Alaskan Halibut fly pattern suggestions...

Discussion in 'Fly Tying' started by PhlyPhisher, Mar 20, 2008.

  1. PhlyPhisher

    PhlyPhisher New Member

    Joined:
    Aug 16, 2007
    Messages:
    85
    Likes Received:
    0
    Location:
    shoreline WA
    I'm going on a cruise to Alaska this year and I'm going to be doing some Halibut fishing up near Sitka. I'd like to know if anyone can make some suggestions for some patterns. :confused: Can you even catch halibut on flies? I understand they're pretty deep. Any techniques and/or suggestions would be greatly appreciated.
    Thanks
    Phlyphisher
     
  2. Nick Riggs

    Nick Riggs I've been known to fish from time to time...

    Joined:
    Mar 1, 2006
    Messages:
    482
    Media:
    101
    Likes Received:
    1
    Location:
    Seattle, WA
    I have a big book about halibut fishing and it has a chapter (albeit a pretty short chapter) all about fly fishing for halibut. It basically tells you that unless you're fishing in halibut spawning grounds (I think) at the right time of year there's no hope. It did suggest a fly to use, called the "half-a-rabbit", which sounds pretty gnarly, but it gave no pattern specifics.
     
  3. Daryle Holmstrom

    Daryle Holmstrom retiredfishak

    Joined:
    Jun 22, 2005
    Messages:
    2,572
    Media:
    173
    Likes Received:
    103
    Location:
    Mount Vernon, WA
    Get some T14 line and sink it straight down with the biggest white streamer you can tie and spray it with WD-40. If you are going in summer they will be chasing pinks in the shallows in Sitka, bunch of others will be chasing the same critter, good luck.

    Daryle
     
  4. ryan6f7

    ryan6f7 New Member

    Joined:
    Feb 29, 2008
    Messages:
    31
    Likes Received:
    0
    Location:
    seattle wa
    Ive caught Halibut on Alaska's kenai peninsula fishing off the mouths of a few creeks down there. When i caught them i used 20 feet of lead core attached to amnesia running line with 3 feet of 30lb maxima tied to big rabbit flesh flies. They will gather at the mouths to feed on decaying salmon flesh. Its not a pleasent expierence but it can be done. Also i never caught anything much over 15 lbs. I went to college in sitka its a wonderful area
     
  5. adiposfin

    adiposfin adiposfin

    Joined:
    Nov 25, 2004
    Messages:
    3
    Likes Received:
    0
    Location:
    Your City ,State
    Hey there,

    I've had good success wih a couple of "prawn" patterns in the Queen Charolotte Islands the past few seasons. I fish them right off the bottom out the mouth of a creek bed.....about 30 feet deep. Nothing over 15 lbs, though the fly rod makes it all the more enjoyable :)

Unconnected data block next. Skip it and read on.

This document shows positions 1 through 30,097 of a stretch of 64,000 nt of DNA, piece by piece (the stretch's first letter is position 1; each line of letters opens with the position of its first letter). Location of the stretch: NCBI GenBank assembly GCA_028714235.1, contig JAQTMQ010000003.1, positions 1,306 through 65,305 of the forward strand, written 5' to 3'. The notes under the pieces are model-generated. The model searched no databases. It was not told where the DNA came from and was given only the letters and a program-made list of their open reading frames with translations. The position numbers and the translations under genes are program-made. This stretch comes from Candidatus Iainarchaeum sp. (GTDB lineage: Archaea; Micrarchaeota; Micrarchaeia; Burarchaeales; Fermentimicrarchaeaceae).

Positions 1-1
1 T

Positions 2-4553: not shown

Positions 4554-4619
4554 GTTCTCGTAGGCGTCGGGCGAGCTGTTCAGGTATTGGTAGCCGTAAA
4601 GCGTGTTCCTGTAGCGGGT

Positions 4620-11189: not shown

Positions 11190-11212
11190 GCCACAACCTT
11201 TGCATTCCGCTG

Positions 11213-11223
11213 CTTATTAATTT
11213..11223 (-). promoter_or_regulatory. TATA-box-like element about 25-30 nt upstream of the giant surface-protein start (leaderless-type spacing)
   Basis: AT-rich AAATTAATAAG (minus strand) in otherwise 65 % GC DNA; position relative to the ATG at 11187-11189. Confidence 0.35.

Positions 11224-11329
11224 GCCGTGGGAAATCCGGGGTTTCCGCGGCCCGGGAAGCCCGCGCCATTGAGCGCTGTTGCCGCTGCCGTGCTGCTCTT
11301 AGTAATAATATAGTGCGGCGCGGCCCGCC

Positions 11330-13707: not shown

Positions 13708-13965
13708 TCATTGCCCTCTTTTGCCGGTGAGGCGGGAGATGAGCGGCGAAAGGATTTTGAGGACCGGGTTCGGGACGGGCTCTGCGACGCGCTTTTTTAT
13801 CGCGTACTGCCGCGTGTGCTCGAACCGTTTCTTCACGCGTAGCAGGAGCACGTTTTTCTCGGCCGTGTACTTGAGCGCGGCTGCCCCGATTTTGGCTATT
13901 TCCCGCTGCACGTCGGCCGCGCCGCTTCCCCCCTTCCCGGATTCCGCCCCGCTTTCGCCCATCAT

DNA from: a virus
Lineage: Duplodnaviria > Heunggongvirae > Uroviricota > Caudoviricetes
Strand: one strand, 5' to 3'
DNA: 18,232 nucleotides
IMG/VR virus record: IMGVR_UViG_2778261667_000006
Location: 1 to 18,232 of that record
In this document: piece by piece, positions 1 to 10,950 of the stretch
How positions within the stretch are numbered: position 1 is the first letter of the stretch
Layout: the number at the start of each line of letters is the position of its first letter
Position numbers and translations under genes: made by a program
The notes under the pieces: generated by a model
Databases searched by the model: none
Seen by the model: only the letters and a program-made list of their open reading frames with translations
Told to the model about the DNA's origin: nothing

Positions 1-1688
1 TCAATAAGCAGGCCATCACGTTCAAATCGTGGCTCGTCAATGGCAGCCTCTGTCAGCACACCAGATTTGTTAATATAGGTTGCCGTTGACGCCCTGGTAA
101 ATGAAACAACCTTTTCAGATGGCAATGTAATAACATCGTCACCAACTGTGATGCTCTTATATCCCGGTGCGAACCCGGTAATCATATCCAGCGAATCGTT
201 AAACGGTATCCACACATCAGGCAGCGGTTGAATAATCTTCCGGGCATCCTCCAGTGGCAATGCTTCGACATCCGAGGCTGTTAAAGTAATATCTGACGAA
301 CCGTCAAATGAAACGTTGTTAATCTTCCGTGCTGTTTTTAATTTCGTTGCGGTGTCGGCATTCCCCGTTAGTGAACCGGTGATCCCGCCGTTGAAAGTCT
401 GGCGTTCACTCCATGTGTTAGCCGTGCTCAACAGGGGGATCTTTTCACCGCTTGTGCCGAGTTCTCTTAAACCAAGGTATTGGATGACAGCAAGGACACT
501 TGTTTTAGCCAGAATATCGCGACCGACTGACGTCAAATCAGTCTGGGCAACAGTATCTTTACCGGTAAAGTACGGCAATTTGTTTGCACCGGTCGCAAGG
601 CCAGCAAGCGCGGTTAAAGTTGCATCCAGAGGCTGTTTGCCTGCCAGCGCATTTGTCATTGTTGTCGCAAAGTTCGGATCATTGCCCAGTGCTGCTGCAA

http://www.canadiantubeflies.com/files/brasseyedprawngroup.jpg

    http://www.canadiantubeflies.com/SWpatterns/SWcohoprawn.html

    I must admit that these two were off Nordic Jigs in 40 feet of water............


    http://www.canadiantubeflies.com/images/pic3.jpg
     
  6. Les Johnson

    Les Johnson Les Johnson

    Joined:
    Jul 1, 2003
    Messages:
    1,590
    Likes Received:
    11
    Location:
    .Redmond, WA
    I've used the Calamarko Tube Fly for halibut with pretty darned good success since the early 1990s. Some squid patterns may look more realistic but none I've tried work as well. It is a weighted tube fly by Mark Mandell that I long ago dubbed "The .38 Special" due to the lead in its nose. It has however probably been my best fly for offshore fishing over actively feeding fish, chinook salmon, rockfish or halibut. Most of my experience with halibut has been around Langara Island in the Queeen Charlottes, Clarence Strait in SE Alaska and in Thorne Bay, Prince of Wales Island, Alaksa. It is a load to cast but a 12-weight rod, at least 400-grain sinking line and a heavy leader point gets it out there -- and down.
    Les Johnson
     
  7. ak_powder_monkey

    ak_powder_monkey Proud to Be Alaskan

    Joined:
    Sep 1, 2004
    Messages:
    3,223
    Media:
    39
    Likes Received:
    112
    Location:
    Eagle River, Alaska

    Halibut Spawn in like 1200' of water... In the feeding season its perfectly doable, heck I caught a 100+ pound fish in 60 feet of water, which is reachable with a fly (I was using herring :( )
     

Share This Page